It’s just a couple of weeks to go before the complete edition of Final Fantasy XV, the latest game in the long-running JRPG franchise, comes to PC for the first time. There are still questions that need to be answered about the Windows Edition, but it’s also a big undertaking that’s been a long time coming – so we sat down with a couple of developers on the Final Fantasy 15 PC project at Square Enix and put our questions to them.
We went along to the Square Enix offices to talk with Takeshi Aramaki, Technical Director & Lead Programmer, and Kenichi Shida, Game Design & Development Manager (through a kind translator) all about Final Fantasy XV and its long journey to PC. Expect questions about Mod Support, First-Person Mode, VR, and even Final Fantasy VII Remake – although don’t expect answers to all of them…
Takeshi Aramaki went into more detail, making it clear that the team really wanted to make the PC audience happy. “We’re supporting a lot of different hardware, different versions of HDR for example, and getting all that in place took a long time as well. Getting the game to run on a wide breadth of PCs, from a 1 teraflop CPU up to a 12 teraflops CPU, took a lot of time and optimization. Different users have different standards. Some users want 4K but are happy with 30 FPS, others will say it has to be 60 FPS or nothing. We wanted to be able to cater to all these people, so it was important to us to put in all these customization options.”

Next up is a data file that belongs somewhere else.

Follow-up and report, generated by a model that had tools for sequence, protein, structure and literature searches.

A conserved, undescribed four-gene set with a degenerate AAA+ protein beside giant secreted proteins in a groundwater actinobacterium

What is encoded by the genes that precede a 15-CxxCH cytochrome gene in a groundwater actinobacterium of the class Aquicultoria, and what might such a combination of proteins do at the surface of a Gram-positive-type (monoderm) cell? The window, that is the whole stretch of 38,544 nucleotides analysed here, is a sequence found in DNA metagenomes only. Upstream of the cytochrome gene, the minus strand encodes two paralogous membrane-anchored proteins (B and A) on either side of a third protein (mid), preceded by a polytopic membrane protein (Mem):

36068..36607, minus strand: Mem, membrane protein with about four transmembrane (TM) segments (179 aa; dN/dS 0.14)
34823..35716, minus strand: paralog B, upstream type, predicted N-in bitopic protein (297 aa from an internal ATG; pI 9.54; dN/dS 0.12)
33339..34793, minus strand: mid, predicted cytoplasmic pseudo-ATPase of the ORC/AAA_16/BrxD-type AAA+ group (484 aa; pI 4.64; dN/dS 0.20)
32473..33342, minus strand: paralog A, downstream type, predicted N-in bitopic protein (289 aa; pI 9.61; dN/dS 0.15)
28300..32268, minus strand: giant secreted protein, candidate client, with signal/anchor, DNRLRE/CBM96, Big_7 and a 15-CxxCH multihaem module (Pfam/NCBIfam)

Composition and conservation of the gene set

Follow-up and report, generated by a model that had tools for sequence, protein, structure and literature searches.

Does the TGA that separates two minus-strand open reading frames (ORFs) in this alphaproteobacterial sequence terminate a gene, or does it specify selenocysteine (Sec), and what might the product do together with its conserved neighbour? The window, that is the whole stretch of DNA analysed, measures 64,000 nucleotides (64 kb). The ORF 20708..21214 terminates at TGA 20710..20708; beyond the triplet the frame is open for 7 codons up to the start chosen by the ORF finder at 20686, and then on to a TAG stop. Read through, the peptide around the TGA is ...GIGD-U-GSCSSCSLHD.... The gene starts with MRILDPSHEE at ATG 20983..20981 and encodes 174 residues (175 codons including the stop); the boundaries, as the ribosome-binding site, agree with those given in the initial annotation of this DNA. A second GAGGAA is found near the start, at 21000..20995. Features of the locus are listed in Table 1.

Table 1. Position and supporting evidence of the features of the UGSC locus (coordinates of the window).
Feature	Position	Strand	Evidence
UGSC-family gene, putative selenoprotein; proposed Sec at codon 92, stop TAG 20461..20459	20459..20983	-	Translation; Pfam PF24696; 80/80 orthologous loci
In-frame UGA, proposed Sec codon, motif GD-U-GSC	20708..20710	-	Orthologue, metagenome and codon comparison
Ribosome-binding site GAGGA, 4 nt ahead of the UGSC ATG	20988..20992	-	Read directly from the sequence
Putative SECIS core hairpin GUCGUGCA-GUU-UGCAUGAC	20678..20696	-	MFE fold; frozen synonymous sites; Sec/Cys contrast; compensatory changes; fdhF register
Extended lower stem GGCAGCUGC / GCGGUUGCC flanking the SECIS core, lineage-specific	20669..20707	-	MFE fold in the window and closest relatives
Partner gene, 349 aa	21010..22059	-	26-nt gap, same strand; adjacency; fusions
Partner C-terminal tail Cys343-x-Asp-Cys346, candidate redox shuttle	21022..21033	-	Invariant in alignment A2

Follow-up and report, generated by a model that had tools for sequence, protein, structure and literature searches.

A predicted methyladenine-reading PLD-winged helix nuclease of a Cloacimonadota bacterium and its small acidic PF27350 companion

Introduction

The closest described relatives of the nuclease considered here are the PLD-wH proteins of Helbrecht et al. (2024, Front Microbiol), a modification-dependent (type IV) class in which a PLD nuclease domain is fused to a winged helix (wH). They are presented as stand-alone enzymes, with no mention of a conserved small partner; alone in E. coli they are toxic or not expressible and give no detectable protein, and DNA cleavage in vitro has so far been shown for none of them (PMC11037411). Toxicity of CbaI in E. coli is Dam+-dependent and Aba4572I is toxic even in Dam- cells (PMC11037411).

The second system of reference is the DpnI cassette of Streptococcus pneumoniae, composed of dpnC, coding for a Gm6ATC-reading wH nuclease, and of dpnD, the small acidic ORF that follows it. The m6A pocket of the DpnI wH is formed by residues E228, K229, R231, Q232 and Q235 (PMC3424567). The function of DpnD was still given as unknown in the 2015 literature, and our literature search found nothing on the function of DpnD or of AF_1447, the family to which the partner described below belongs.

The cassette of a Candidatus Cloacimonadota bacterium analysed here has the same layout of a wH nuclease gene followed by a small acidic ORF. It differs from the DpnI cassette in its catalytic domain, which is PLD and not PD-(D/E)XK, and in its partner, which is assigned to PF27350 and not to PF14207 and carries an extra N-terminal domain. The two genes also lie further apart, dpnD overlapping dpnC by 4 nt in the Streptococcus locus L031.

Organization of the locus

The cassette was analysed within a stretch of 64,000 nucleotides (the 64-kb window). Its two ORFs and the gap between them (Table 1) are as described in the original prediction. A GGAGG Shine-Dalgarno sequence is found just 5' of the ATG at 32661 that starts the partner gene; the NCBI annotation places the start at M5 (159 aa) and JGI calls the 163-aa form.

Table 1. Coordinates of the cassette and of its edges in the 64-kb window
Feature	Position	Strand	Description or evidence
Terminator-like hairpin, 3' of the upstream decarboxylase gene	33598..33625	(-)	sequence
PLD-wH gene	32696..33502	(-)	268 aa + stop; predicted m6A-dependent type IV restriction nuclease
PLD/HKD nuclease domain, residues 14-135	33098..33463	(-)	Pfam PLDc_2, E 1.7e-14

Shida added, “we’ve got support for up to 120 FPS, at the moment. We know that there are a lot of PC players looking for the highest FPS and we want to give it to them! With the console version we had to limit the assets due to technical restrictions, but with the PC those restrictions are removed so we can put the game in the maximum quality we wanted to do from the start. The artists were very happy! With the higher graphics it really shows off the world they’ve made.”
Of course the Final Fantasy XV Benchmark Tool was released earlier this month and players were a little concerned, as the options for it were very basic, and worse there was stuttering and slowdown problems. Aramaki was quick to assure us, “the release version has a lot more options.” And the issues players discovered? “We took in a lot of feedback, and we have worked hard to fix all those problems.” Great news.
Of course talking tech, a large part of the PC version’s advertising has centered around the involvement of Nvidia and the various graphical features they’ve helped implement. Shida confirms, “we had a lot of help from Nvidia to optimize fully their Turf effects, HairWorks, and lot of the lighting features. They contributed a lot to the results of the PC version here, because these effects allow for a much more involving world with impact, depth and immersion. These visual touches really raise the reality bar.”